Monday, March 24, 2008

Sperry 131 hit by derailment!

Sperry Rail Service 131, Aleza Lake, Fraser Subdivision MP 108.8, June 1954. It doesn't get any better than this! A derailment created by a split rail, sending a boxcar into a Sperry Detector car!

Studying the clothing, you can determine who is SRS crew is as compared to rail crew. The technicians are obviously concerned to prevent further damage to the rail detection car while the rail crew ponders what to do next.

Many external defects and visible indications of internal defects are overlooked in visual inspections. With a
Sands Mirror an inspector can visually inspect approximately one mile of rail per day.

However, even this type of inspection, acknowledged as the most efficient method of visual inspection, cannot detect those internal separations of the steel within the rail head known as Transverse Defects, and frequently overlooks vertical split heads.

The transverse fissure first came into prominence as an outstanding cause of rail failures as a result of a derailment at Manchester, N.Y. in 1911 in which 29 persons were killed and over 60 seriously injured. In the investigation following the accident, Dr. Howard of the U.S. Bureau of Safety identified a broken rail as the cause of the derailment.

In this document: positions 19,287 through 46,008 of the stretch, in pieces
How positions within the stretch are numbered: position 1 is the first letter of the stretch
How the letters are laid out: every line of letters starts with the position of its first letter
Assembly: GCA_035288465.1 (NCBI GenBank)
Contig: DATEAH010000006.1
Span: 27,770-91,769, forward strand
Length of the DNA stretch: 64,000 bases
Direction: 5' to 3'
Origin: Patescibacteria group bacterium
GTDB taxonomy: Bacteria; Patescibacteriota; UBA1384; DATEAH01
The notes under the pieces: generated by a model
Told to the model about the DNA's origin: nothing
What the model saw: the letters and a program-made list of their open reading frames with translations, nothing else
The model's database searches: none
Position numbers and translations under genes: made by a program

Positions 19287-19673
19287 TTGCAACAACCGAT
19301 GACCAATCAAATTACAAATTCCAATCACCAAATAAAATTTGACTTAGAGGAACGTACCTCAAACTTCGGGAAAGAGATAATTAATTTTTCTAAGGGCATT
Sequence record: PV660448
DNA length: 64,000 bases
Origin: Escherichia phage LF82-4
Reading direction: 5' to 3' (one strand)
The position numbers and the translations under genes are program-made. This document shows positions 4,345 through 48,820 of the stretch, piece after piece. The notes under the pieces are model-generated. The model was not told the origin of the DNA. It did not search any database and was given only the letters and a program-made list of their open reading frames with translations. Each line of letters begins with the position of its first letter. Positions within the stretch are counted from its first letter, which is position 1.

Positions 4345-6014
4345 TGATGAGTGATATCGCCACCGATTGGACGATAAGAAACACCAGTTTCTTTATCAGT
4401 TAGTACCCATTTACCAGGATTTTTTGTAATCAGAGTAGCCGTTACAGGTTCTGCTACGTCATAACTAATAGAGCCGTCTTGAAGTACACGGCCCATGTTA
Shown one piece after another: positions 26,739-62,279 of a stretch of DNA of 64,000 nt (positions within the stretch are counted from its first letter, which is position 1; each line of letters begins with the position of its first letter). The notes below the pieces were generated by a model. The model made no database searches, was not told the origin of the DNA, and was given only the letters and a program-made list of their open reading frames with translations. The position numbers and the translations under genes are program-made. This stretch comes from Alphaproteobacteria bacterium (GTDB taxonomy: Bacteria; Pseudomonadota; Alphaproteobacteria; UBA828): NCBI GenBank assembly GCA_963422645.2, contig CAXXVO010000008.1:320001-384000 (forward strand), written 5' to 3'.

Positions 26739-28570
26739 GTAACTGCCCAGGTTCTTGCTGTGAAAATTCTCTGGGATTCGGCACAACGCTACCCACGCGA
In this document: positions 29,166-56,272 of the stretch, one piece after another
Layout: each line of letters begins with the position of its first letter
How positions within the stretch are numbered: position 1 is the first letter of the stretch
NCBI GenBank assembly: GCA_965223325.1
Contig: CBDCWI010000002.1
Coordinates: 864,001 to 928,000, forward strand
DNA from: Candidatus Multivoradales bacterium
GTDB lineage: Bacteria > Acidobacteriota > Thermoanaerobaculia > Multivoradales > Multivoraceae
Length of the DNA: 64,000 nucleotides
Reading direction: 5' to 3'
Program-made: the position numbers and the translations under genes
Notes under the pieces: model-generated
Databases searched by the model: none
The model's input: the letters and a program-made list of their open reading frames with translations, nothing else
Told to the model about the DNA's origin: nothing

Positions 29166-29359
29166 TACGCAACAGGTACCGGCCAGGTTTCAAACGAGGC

A study of the rail revealed a defect which was entirely internal (which Dr. Howard termed "transverse fissure") and which was definitely established as the cause of the rail failure. A number of other railroads began
private investigations to determine the prevalence of transverse fissures in their rails. The results of these investigations showed that transverse fissures were widespread.

Sperry Rail Services has been responsible for thousand of miles of safety inspection over all railroads, and have been responsible for preventing hundreds of accidents.

Railroad Stuff: Sperry Rail Services 131, Built by St. Louis/EMC for Lehigh Valley, 1925, serial number 1376134. To Sperry 1941.

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